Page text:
Yesterday the reaction to the ECB decision to keep its negative rates through 2019 and end its bond buying by the end of this year supported German bunds. It then followed into the US with a nice rally pushing the 10-yr note yield down 4 bps and MBS prices up 22 bps. This morning President Trump did what he said he would do. He put $50B tariffs on Chinese imports, mainly high tech US exports. A 25% tariff would be imposed on a list of strategically important imports from China. He also vowed further measures if Beijing struck back. The U.S. is scheduled to release the updated list today and implement them soon. A second list of tariffs on $100B of Chinese goods is almost complete, Reuters reported. Beijing warned that all previous agreements will be dead in the water if Trump presses on.
“The United States will pursue additional tariffs if China engages in retaliatory measures, such as imposing new tariffs on United States goods, services, or agricultural products; raising non-tariff barriers or taking punitive actions against American exporters or American companies operating in China,” Trump said in a statement. Earlier China vowed to hit back. If it does as we would expect Trump’s plan would put an additional $100B of tariffs on China. The US has a $375B trade gap with China. “If the United States takes unilateral, protectionist measures, harming China’s interests, we will quickly react and take necessary steps to resolutely protect our fair, legitimate rights,” Chinese Foreign Ministry spokesman Geng Shuang commented. Trade is looking increasingly more deleterious as Trump continues to ramp up his threats with actions.
In Europe, German Chancellor Angela Merkel added additional trade fears. Trump wants to add tariffs on auto imports from Europe that will hurt German and other Europe countries. She warned Europe’s strategic interests rode on the future of Europe’s car industry and hinted at competition probes of U.S. internet giants. “We should think about the strategic significance of the auto industry for the European Union so we can prepare an exchange with the U.S.,” she said.
While yesterday’s focus was on the ECB meeting, the Bank of Japan also held its meeting. It left its quantitative easing program in place and downgraded its assessment of inflation. The Bank maintained the levels on its yield-curve control program and asset purchases, but now sees the core consumer price index in a range of 0.5% to 1 percent, from around 1 percent previously.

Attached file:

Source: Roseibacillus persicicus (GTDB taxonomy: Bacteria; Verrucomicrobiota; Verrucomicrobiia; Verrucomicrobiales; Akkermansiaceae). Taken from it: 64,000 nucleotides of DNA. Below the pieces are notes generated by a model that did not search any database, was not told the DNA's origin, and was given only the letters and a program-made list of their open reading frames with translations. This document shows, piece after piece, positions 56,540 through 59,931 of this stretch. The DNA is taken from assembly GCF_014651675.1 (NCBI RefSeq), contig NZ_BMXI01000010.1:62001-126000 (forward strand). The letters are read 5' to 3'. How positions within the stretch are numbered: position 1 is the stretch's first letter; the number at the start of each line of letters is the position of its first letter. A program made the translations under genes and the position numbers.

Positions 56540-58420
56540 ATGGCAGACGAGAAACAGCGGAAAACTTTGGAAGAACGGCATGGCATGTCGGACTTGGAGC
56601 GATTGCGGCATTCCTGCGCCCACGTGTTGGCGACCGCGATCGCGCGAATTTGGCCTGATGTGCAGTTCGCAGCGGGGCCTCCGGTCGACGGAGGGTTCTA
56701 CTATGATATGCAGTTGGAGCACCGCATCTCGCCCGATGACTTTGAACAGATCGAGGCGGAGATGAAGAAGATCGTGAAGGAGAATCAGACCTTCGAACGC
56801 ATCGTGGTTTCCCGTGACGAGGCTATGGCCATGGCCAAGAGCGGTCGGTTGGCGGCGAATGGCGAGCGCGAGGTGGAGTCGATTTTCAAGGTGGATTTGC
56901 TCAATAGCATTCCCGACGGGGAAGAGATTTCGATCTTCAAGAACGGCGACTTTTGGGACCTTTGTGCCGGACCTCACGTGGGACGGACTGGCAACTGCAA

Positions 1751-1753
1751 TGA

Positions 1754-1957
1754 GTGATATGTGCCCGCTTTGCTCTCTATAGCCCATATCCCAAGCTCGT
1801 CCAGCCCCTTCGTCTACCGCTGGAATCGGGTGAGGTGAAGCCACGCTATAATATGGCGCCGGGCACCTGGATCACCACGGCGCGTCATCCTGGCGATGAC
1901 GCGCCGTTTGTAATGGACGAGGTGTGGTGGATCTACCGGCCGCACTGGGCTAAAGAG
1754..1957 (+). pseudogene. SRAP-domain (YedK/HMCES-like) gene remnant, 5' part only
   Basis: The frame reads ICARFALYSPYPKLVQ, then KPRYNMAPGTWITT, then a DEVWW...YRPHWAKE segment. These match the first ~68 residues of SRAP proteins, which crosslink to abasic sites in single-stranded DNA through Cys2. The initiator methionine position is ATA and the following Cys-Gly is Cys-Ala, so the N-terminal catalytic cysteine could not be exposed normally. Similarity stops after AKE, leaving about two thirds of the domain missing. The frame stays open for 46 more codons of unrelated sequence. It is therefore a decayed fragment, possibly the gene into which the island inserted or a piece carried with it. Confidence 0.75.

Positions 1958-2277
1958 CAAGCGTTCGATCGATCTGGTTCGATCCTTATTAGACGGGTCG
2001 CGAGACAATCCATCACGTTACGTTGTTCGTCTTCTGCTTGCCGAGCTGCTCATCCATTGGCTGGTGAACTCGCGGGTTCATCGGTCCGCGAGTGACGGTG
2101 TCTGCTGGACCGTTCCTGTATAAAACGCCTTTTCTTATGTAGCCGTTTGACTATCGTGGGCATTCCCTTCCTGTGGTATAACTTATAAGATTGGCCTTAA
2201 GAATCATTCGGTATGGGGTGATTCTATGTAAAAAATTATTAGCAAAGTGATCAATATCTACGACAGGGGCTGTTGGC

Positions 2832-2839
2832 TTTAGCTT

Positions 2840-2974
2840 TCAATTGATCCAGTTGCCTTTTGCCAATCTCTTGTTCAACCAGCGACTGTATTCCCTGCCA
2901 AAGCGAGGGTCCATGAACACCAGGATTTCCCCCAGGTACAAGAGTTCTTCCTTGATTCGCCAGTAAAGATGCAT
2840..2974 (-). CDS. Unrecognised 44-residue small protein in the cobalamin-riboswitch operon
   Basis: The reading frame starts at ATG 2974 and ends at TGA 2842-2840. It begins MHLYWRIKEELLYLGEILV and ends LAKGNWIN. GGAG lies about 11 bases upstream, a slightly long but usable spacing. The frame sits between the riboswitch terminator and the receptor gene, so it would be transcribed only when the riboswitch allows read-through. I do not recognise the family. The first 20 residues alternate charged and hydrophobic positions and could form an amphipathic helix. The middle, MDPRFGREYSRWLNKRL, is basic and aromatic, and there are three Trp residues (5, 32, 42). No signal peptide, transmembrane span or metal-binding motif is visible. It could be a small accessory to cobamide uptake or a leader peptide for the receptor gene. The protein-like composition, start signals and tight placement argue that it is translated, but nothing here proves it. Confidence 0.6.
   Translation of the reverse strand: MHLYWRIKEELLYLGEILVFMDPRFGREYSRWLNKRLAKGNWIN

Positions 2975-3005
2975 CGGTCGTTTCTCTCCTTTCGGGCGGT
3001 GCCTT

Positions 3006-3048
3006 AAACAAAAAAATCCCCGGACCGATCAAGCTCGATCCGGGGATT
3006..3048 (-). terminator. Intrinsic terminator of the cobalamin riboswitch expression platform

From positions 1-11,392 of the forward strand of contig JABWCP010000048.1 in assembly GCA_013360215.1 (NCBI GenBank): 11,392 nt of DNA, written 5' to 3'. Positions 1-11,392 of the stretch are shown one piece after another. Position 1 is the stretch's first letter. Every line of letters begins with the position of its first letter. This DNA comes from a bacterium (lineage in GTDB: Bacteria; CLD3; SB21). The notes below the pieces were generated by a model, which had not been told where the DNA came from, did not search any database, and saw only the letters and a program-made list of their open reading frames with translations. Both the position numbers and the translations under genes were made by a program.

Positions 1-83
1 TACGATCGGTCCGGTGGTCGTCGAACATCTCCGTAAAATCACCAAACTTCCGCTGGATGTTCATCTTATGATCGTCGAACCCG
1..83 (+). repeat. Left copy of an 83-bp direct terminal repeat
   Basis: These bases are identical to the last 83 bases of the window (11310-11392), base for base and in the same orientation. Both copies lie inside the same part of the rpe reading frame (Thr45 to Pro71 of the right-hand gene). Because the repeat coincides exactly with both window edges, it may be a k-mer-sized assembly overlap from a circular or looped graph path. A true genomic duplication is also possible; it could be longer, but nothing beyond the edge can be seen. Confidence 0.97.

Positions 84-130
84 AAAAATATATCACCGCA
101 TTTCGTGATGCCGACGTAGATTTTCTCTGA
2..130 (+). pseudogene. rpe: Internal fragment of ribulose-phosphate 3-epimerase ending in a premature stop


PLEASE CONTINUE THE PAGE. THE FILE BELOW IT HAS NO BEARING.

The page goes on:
The tariffs news has pushed the US 10-yr note yield to 2.91% early this morning, at the bottom of the recent 15 session range.
Not that it is significant this morning, but the June NY Empire State manufacturing index was better than 19.6 expected, increasing to 25.0 from 20.1 in May.
At 9:15 am EST May industrial production, expected +0.1% declined 0.1%, but April revised to +0.9% from +0.7%; manufacturing declined 0.7% from +0.6% in April. May capacity utilization was expected at 78.0%, it dropped to 77.9% from a revised 78.1% in April.
At 9:30 am the DJIA opened -158 better than -188 where it traded at 8:00 am in the futures markets; NASDAQ opened -39, S&P -11. The 10-yr note yield 2.91% -2.5 bps.
At 10:00 am the mid-month U. of Michigan consumer sentiment index, expected at 98.7 from April, went to 98.0; the index increased to 99.3.
Here we are (again) at the 10-yr key near-term resistance at 2.90%; the note has not moved out of its range between 3.00% and 2.90% since May 24th. If 2.90% were to be taken out, the 10-yr projection would be down to 2.84% and MBS prices would increase about 35 bps. Japan’s lowering its inflation outlook yesterday adds a little support but our Fed is expected to continue pushing the Federal Fund rate higher by 50 more basis points by the end of the year. The US economy is on fire and the flames are increasing while in Europe and other key economies the recent data has been reflecting some slowing. Escalating trade issues added some support to US and German rate markets mostly on safety considerations.Source: TBWS
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